by Mario Rizzo In the course of doing some research about the late economist Charles Kindelberger I came across an obituary article in The Economist dated July 17, 2003. The article made reference to the question whether the Fed’s policies after the then-recent dot com bubble simply saved us from recession or laid the ground … Continue reading Retrospect Is Prospect?
by Jerry O'Driscoll Yesterday was Cato's annual monetary conference and Allan Meltzer gave the keynote address. Today at cato.org you can listen to a 7-minute Podcast of an interview with Meltzer summarizing his presentation. He has just completed the last 2 volumes of his history of the Fed. Meltzer delivers a tough message: no nation that is spending … Continue reading Inflation Alert
By Mario Rizzo I am not happy at the prospect of the Congress making monetary policy. I am also not happy about the Congress making “countercyclical” fiscal policy. But I am really not happy about the extraordinarily poor quality of the arguments being made by economists so desperate to maintain the “independence” of the Fed. … Continue reading Rule by Bernanke and Friends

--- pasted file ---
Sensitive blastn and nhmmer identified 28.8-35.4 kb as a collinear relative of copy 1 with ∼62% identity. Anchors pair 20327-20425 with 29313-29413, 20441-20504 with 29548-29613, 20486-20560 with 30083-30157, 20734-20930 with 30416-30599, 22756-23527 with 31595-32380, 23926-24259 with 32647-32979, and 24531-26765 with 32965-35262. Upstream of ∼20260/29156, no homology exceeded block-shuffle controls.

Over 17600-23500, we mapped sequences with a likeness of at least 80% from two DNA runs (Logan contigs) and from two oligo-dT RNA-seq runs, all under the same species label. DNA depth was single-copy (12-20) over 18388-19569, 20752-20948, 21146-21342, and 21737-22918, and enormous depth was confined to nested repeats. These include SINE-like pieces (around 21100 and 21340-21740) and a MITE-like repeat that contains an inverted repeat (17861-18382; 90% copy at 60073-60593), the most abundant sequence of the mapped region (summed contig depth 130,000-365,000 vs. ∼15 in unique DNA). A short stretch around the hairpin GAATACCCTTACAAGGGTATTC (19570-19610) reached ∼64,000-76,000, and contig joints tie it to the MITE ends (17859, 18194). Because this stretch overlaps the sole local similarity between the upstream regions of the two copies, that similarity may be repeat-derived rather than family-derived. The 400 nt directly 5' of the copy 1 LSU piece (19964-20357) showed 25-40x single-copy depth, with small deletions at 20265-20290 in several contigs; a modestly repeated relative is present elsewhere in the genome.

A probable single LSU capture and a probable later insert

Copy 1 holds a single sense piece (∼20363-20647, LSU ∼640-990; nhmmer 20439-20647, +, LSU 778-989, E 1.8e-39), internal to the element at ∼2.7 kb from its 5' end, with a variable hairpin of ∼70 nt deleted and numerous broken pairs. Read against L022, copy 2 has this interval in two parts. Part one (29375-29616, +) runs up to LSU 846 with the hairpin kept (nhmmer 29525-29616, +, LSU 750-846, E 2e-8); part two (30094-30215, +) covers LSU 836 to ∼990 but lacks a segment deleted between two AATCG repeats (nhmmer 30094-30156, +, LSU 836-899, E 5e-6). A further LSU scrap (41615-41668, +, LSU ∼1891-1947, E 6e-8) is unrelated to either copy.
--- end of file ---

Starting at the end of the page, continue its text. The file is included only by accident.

by Jerry O'Driscoll In an interview with The Wall Street Journal, German Chancellor Merkel called for an end to risky growth policies built on asset bubbles. "In recent years we've had the Asian crisis, the new economy crisis, and now this great international financial and economic crisis -- we can't slide into a crisis every … Continue reading Bubble or Growth?
by Chidem Kurdas After causing a debacle by flooding the system with oodles of easy money, the Federal Reserve is to morph into the enforcer of systemic prudence. We’re told that Treasury secretary Tim Geithner wants to create a single systemic risk regulator to oversee the whole financial system and the Fed will probably … Continue reading Rewarding the Punch Provider